I have treated several wounds with calcium alginate as the initial debridement material. Calcium alginate is derived from seaweed that looks like a piece of felt when dry. When placed in a wound, the calcium ions are exchanged with the sodium ions in the wound exudate, this turns the dressing into a gel conforming to the wound. Calcium alginate stimulates granulation tissue formation and hemostasis. Dressings are changed every 1–3 days depending on strike through. The wound surface looks yellow and smells a bit but this is normal for calcium alginate.
Once debridement is complete, polyurethane foam can then be used to support epithelialization across the developing granulation bed. This product absorbs fluid while maintaining a moist wound environment. Bandages can be changed every 3–7 days and the foam can be lifted out of the wound without causing pain.
As these products become more commonly used in veterinary practice I believe that they will ultimately replace the traditional wet-to-dry form of wound management.
Vacuum-Assisted Wound Closure
Vacuum-assisted (VAC) closure of wounds has recently been promoted for use in degloving wounds, large bite wounds, and in chronic, non-healing wounds. VAC is an active wound management system that creates subatmospheric pressure within the wound to improve circulation, remove exudate and promote granulation tissue formation. Under a VAC dressing, capillary blood flow is enhanced, endothelial spaces are narrowed and the capillary basement membrane integrity is restored. These factors result in reduced edema formation and restoration of blood flow to collapsed blood vessels. VAC therapy also increases granulation tissue development by mechanically stimulating cells and by removal of degradative enzymes.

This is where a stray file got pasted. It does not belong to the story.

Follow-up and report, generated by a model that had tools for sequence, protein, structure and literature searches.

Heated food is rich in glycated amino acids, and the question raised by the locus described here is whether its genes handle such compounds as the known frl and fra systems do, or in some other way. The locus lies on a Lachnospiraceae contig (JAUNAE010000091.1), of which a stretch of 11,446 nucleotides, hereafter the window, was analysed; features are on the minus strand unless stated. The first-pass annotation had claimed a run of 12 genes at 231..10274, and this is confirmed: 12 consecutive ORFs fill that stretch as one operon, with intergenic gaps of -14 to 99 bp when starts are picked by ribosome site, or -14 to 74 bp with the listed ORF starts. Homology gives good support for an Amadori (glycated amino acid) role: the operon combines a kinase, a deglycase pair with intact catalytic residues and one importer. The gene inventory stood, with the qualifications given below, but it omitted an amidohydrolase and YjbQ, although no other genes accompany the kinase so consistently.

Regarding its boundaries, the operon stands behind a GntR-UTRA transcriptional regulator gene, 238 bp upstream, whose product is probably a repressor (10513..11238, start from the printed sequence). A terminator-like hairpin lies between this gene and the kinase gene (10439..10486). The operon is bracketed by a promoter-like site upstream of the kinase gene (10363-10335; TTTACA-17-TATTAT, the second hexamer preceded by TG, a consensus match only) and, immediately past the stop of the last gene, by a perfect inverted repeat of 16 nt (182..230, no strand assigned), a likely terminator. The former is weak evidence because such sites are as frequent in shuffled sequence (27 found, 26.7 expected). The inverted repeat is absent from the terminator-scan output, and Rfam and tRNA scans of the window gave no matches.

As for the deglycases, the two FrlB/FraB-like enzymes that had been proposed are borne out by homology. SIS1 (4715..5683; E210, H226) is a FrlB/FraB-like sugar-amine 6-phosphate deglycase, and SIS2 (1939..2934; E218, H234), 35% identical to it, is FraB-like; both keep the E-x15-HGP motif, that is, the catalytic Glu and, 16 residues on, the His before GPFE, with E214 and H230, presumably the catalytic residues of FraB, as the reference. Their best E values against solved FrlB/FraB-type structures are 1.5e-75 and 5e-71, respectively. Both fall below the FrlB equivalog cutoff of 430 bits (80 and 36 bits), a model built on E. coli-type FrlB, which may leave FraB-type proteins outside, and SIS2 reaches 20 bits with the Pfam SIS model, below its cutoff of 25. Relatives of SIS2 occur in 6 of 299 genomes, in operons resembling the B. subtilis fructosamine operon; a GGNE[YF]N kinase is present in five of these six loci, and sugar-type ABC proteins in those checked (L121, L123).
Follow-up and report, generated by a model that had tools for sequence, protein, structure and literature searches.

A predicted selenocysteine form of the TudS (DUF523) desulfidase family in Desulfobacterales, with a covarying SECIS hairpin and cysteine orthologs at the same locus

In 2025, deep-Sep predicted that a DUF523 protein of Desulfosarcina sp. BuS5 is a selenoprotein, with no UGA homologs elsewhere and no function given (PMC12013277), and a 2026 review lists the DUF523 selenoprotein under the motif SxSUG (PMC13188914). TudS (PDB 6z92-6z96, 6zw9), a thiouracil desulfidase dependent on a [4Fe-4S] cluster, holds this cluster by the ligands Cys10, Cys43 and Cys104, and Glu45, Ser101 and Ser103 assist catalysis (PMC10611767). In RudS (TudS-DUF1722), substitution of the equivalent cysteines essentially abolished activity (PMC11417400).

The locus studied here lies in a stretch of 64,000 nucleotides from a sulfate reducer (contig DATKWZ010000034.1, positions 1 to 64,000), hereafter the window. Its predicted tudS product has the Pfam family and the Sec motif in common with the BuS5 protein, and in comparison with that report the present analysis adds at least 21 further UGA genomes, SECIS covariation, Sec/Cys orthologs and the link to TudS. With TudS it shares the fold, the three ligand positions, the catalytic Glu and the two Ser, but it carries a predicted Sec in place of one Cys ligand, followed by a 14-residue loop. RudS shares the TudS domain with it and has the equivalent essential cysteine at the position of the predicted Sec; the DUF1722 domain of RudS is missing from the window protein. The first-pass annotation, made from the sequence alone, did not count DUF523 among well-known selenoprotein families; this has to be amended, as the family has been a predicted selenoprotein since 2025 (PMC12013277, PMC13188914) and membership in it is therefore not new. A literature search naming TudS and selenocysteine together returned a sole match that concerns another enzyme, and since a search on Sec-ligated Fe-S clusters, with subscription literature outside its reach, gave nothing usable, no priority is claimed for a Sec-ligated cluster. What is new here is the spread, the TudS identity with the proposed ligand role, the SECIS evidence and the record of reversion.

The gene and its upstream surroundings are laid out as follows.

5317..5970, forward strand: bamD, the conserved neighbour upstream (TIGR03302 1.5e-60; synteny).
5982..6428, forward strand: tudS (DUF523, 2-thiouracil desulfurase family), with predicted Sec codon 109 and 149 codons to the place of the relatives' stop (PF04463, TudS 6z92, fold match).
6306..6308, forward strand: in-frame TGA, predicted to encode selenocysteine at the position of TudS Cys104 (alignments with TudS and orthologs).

All open wounds require the application of a bandage to optimize wound healing. Unfortunately, careful early wound management can be undone by application of a carelessly constructed bandage. Bandages should be composed of three layers.
The primary or contact layer can be used to debride tissue, to provide an occlusive seal over a wound or to draw wound exudate away from the wound. Adherent primary layers are used in the debridement stage of wound healing and nonadherent layers are used during the reparative stage.
The wet-to-dry bandage is the most widely used adherent dressing for large open wounds containing foreign material or necrotic tissue. The primary layer is constructed by wetting sterile surgical gauze swabs with sterile saline, LRS, or a 0.05% chlorhexidine solution. A layer of dry sterile gauze is placed over the wet layer to increase the absorptive capacity. Removal of the gauze from the wound along with the attached necrotic material can be painful so sedation or analgesia should be considered.
Nonadherent primary layers can be semiocclusive or occlusive. The semiocclusive dressing allows excess exudate to be absorbed from the wound. Occlusive dressings speed up epithelialization and are indicated for wounds that have a good granulation bed and have begun to epithelialize.
The secondary layer is designed to absorb wound exudate, blood, and serum. This layer must be soft and thick enough to absorb fluid, to prevent excessive movement of the wound, and to protect the wound from further external trauma. Generally, the secondary layer consists of rolled cotton wool or cast padding.